Dark Child (Omnibus Edition)

Dark Child (Omnibus Edition) - Adina West The premise of Dark Child was appealing, though its execution left much to be desired. It started off very slowly and couldn't keep my attention - to the point where it took me two weeks to finally finish reading it. I wasn't invested in any of the characters and there was virtually no character growth; Kat was far too passive and willing to accept whatever she was told, the love interests (because of course there had to be a love triangle) were subject to the typical hero and bad boy archetypes, and the villain didn't even seem that bad. It wasn't until halfway through the book, when the unalil were introduced, that the action picked up and I became interested enough to read to the end. Unfortunately, the ending was quite abrupt: nothing was really resolved, leaving me with a feeling of disappointment and more questions than answers.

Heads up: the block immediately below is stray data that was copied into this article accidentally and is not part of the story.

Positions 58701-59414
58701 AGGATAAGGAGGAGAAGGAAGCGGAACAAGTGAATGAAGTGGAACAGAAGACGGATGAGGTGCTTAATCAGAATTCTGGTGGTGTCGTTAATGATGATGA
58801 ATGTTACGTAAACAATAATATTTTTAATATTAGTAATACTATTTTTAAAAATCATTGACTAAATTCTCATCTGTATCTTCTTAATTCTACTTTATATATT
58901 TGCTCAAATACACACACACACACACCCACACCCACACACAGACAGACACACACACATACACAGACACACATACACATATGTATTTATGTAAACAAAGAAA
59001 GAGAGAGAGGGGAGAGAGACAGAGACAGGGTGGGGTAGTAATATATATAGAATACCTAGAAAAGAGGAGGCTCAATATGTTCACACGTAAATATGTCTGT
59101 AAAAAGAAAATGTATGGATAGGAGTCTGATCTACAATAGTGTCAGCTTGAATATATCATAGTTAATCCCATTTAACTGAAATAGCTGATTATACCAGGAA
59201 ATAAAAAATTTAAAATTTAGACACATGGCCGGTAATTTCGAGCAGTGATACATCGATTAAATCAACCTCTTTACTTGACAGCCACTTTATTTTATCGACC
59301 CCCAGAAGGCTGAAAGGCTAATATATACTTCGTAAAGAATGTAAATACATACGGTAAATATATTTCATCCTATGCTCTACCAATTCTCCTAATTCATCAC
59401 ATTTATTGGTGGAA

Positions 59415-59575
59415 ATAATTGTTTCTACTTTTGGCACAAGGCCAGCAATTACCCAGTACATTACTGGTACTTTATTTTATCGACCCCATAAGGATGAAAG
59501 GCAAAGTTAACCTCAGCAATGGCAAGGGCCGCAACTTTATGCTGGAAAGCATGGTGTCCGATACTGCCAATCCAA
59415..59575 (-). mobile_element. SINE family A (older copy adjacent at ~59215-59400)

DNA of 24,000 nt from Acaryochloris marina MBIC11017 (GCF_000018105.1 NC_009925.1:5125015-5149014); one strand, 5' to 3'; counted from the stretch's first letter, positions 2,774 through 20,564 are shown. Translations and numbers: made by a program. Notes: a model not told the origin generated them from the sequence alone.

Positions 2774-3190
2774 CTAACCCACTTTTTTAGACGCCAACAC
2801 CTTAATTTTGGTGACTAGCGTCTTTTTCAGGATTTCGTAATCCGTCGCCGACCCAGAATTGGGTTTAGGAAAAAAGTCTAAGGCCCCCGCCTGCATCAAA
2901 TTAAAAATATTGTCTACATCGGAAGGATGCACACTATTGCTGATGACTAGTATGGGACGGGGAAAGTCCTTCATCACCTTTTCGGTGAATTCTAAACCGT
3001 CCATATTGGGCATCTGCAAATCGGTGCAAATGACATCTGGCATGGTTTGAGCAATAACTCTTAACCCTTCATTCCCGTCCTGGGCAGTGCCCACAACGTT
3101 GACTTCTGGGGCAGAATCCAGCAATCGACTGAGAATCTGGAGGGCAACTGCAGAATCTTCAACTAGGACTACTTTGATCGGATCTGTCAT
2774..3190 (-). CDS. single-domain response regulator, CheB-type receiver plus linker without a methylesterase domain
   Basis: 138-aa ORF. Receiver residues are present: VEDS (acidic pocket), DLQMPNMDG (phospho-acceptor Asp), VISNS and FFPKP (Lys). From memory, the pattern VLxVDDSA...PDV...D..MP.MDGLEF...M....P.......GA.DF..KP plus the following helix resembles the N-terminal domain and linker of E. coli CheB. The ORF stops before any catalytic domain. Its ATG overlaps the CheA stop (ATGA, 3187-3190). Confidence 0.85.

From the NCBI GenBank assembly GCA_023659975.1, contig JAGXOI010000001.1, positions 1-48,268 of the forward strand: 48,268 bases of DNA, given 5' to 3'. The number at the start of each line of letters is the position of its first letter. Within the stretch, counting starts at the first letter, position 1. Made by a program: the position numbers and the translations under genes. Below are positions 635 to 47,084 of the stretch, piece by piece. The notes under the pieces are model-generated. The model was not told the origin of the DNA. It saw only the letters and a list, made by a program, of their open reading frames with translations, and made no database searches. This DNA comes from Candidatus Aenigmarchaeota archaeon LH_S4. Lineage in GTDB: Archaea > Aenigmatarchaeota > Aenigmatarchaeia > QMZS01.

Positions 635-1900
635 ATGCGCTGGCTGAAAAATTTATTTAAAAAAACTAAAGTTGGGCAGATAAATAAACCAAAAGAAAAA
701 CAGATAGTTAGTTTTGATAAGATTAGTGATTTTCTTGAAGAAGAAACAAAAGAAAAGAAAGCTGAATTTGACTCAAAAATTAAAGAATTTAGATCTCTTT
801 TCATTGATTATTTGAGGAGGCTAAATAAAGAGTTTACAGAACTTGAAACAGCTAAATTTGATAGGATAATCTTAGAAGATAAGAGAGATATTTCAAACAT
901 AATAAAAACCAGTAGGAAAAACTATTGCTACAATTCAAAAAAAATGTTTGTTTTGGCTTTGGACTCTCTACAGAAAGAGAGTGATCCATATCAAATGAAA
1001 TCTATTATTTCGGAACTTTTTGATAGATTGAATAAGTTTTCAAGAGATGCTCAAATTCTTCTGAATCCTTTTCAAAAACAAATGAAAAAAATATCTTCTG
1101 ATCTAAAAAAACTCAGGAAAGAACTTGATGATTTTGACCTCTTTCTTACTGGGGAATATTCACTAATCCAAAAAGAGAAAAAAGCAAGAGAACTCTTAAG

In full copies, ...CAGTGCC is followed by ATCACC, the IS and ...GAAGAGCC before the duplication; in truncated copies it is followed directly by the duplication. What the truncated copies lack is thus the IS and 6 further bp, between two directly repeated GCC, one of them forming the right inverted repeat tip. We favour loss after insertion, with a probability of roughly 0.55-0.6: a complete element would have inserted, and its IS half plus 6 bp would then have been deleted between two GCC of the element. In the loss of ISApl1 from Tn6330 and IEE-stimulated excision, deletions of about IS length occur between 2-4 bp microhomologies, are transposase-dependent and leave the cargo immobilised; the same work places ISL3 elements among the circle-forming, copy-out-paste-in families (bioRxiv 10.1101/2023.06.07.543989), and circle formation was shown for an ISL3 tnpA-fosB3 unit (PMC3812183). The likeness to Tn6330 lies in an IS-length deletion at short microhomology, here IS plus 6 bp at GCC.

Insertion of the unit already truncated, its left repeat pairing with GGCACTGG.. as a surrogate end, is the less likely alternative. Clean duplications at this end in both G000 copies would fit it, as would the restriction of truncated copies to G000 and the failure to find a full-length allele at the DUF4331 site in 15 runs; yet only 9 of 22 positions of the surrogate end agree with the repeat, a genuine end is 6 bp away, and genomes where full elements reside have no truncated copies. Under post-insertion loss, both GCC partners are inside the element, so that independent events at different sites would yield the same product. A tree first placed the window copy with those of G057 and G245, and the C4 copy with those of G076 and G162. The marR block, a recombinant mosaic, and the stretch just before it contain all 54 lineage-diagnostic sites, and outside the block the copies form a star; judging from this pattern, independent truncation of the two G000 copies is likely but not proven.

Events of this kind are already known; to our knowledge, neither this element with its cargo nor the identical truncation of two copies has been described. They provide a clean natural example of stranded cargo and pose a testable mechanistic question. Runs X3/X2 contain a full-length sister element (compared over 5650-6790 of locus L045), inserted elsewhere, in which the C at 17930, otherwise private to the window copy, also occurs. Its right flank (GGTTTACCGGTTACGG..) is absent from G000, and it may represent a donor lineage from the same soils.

Despite this, Dark Child possessed a few redeeming qualities. Shape-shifters and vampires are quite prominent in paranormal fiction, and West managed to provide a fresh take on these supernatural beings and the legends and lore surrounding them. If I hadn't been told that Dark Child was originally released in five episodes, I wouldn't have guessed it: there were no obvious breaks or awkward transitions.

Overall, while Dark Child was much different from The Mortal Instruments, it was very similar to many other paranormal novels that I've read: cliched, enjoyable at times, and completely forgettable.

This review can also be found at The In-Between Place. Thanks to Netgalley for providing me with an advanced copy of this book in exchange for an honest review.